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Postmistress of Kensington's Not Quite Official Post Office

Anne Larson may be an employee of Arlington Pharmacy, but she's been taking care of the U.S. mail for 17 years.

Anne Larson has been taking care of Kensington’s mail for 17 years. But she doesn’t work for the U.S. Postal Service.

Still, for anyone in town who has to mail a package and wants to know whether it should go "Priority" or just "First Class," she’s the person with all the answers.

Larson has been the smiling face of the post office in the since she left her job as a librarian for a CPA firm in San Francisco. “I didn’t set out to work for the post office," she says. "I used to come to the pharmacy with my mother, and one day I found out they were looking for a clerk in the drugstore. So I applied.”

She got the job and quickly learned that everyone in the store was supposed to be trained to work at the small post office. She learned the job and has been dispensing postage ever since. And back then you had to lick the stamps, or at least use a sponge.

Technically it’s a "Contract Postal Unit" (CPU), which means that she still works for the pharmacy, which has a long-term contract with the Postal Service.

“There used to be lots of little CPU’s in stores all over the country, but slowly they’ve been closed," she notes. "There are still some others in East Bay, but I’m not sure where they are.”

Larson does just about everything in the pharmacy, but most days she’s behind the post office sign, and for all intents she’s the town postmaster. It’s just one more element in Kensington that gives the place its small-town feel.

She’s quick to point out there are some things her little postal unit can’t do, such as ship overnight to the East Coast, or take credit cards, but most everything else that residents send, she can handle.

Things have changed over time, from the cost of postage to self-stick stamps and flat rate boxes — she’s seen it all.

“The toughest days are tax day and just before Christmas," she says. "Then it’s just long lines, and one person after another. It’s not very personal.”

It’s clear that it’s the personal side of things that she likes most, like customers who come in with their pets and find that Larson has a secret stash of doggie treats.

“I have my regulars,” she says, referring to both the pets and the people. She’s a dog owner, herself so she understands owners who stop in while they walk the dog along the Arlington strip.

“I have some people who come every day,” she adds. “They buy one stamp or two or mail a small package and then go have lunch. We chat about what’s going on.”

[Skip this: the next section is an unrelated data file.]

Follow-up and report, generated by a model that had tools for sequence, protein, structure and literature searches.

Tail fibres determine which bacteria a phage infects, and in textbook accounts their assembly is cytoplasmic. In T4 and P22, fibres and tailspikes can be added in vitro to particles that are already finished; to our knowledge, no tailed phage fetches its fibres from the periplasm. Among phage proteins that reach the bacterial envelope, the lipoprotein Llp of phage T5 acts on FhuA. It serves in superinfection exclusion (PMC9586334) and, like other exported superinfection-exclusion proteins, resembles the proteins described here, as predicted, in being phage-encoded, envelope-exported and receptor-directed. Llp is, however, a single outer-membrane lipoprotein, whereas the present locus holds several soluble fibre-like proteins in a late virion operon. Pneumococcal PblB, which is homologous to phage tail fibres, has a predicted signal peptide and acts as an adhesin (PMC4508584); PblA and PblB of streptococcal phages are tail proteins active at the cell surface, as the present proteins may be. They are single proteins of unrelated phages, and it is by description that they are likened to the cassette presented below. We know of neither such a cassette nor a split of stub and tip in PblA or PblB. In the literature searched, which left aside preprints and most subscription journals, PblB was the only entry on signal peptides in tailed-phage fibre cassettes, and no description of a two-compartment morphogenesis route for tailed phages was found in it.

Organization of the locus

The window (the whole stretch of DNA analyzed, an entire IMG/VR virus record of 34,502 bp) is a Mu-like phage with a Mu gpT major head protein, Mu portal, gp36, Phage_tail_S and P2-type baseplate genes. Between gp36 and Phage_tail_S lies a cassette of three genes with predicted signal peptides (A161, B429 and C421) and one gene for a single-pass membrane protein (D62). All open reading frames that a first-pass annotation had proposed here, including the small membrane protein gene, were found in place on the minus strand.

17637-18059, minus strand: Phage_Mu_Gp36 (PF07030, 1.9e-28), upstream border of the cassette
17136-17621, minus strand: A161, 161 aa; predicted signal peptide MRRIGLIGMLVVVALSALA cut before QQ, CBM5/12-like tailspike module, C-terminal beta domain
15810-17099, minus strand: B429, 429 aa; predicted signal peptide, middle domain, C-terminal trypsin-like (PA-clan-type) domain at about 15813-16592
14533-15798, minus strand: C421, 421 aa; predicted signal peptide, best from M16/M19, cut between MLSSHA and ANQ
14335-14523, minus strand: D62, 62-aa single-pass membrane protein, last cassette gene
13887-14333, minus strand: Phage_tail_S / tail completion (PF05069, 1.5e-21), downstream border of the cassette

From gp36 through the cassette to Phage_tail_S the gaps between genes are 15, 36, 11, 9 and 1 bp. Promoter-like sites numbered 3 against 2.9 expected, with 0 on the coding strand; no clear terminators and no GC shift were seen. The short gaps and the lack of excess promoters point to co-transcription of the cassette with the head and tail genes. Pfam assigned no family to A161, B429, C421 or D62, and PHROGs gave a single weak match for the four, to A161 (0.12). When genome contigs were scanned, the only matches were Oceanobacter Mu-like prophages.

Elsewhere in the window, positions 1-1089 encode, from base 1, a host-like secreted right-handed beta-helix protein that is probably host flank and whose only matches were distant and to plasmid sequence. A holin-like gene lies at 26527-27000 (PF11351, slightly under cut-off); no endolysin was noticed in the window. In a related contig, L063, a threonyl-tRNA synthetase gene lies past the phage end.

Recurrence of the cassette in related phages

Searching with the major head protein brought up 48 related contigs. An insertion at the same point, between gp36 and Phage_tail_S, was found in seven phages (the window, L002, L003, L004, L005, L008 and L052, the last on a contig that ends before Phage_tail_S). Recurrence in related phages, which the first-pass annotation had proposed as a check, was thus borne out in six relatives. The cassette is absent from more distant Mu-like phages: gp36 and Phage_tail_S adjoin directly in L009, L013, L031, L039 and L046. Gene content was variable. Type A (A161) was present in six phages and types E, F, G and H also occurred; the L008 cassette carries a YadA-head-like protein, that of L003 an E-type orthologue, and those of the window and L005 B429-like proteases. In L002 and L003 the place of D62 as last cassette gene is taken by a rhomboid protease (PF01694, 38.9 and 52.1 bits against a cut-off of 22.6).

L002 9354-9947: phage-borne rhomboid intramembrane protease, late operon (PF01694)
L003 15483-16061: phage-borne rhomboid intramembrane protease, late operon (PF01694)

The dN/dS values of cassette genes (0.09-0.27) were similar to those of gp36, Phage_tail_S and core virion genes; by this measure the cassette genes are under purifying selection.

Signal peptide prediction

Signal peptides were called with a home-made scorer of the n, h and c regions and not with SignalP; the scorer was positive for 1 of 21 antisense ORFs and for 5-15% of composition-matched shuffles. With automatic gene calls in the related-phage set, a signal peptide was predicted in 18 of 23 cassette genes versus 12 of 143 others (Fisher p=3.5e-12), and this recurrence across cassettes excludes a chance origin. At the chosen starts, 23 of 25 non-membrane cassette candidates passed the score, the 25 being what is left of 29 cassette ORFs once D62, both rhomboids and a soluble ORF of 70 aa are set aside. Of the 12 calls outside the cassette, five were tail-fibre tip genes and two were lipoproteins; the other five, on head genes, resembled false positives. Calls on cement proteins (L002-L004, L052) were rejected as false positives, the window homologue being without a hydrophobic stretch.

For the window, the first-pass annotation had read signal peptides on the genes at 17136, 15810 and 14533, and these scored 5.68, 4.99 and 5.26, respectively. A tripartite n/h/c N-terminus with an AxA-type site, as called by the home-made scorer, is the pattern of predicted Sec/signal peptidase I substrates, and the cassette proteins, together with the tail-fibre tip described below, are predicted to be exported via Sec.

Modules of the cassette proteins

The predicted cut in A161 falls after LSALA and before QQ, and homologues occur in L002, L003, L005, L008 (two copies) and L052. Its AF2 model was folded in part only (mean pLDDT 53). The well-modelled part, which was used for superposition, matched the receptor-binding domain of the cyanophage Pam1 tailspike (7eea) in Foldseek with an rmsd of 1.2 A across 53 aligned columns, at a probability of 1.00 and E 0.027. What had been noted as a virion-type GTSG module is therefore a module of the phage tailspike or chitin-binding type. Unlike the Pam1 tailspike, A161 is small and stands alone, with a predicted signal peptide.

Why do people come to her? “I think it’s the lines. Most of the other post offices have long lines and can be tough to deal with. Kensington customers tend to be older and don’t want to deal with all that,” she says.

These days, she says, she notices that she’s getting more customers from other towns in the area. “I look at the return address and see that they live within walking distance of the post office on Solano, or El Cerrito, but they come up here to mail their stuff,” she says rather quizzically.

“I don’t know why, they just do,” she adds.

Larson doesn’t have all the fancy "integrated systems" that they have at regular post offices, but with two mail pickups a day, the letters and packages get where they’re supposed to go. She says the toughest part can often be explaining why the ZIP code in upper Kensington (east of The Arlington) is the same as Berkeley, while the town is part of Contra Costa County, not Alameda County.

What’s the strangest thing she ever sent? "I once sent a didgeridoo to Australia. I only know that because it was such a large box I asked what was in it. Most of the time, I really don’t know what people are sending,” she says.

Excepts for the busy seasons, Larson says, “It’s really pretty mundane.” But it’s clear she enjoys the job, and along with Jacob Cano, who fills in when Larson is sick or on vacation, she’s become the face of the postal service in Kensington and has no plans to make any changes.

Because of email and the Postal Service online site, she says, business is down from past years, but she hasn’t even heard rumors about what the future will hold.

“This has to be about the cheapest way to provide the service. The post office doesn’t have to pay benefits or salary. We’re all pharmacy employees, so closing this down wouldn’t save that much.”

She agrees that if this happened, “There would be a quite a protest.”

Larson says she’s only had four bosses in her 17 years, reeling off the names of the pharmacy owners like they were standing in front of her.

Kensington's post office — located in the drugstore  “since they took out the soda fountain in the late '50s” — is a draw for the pharmacy and for the other merchants in the neighborhood, and it doesn’t look like anyone wants anything to change.


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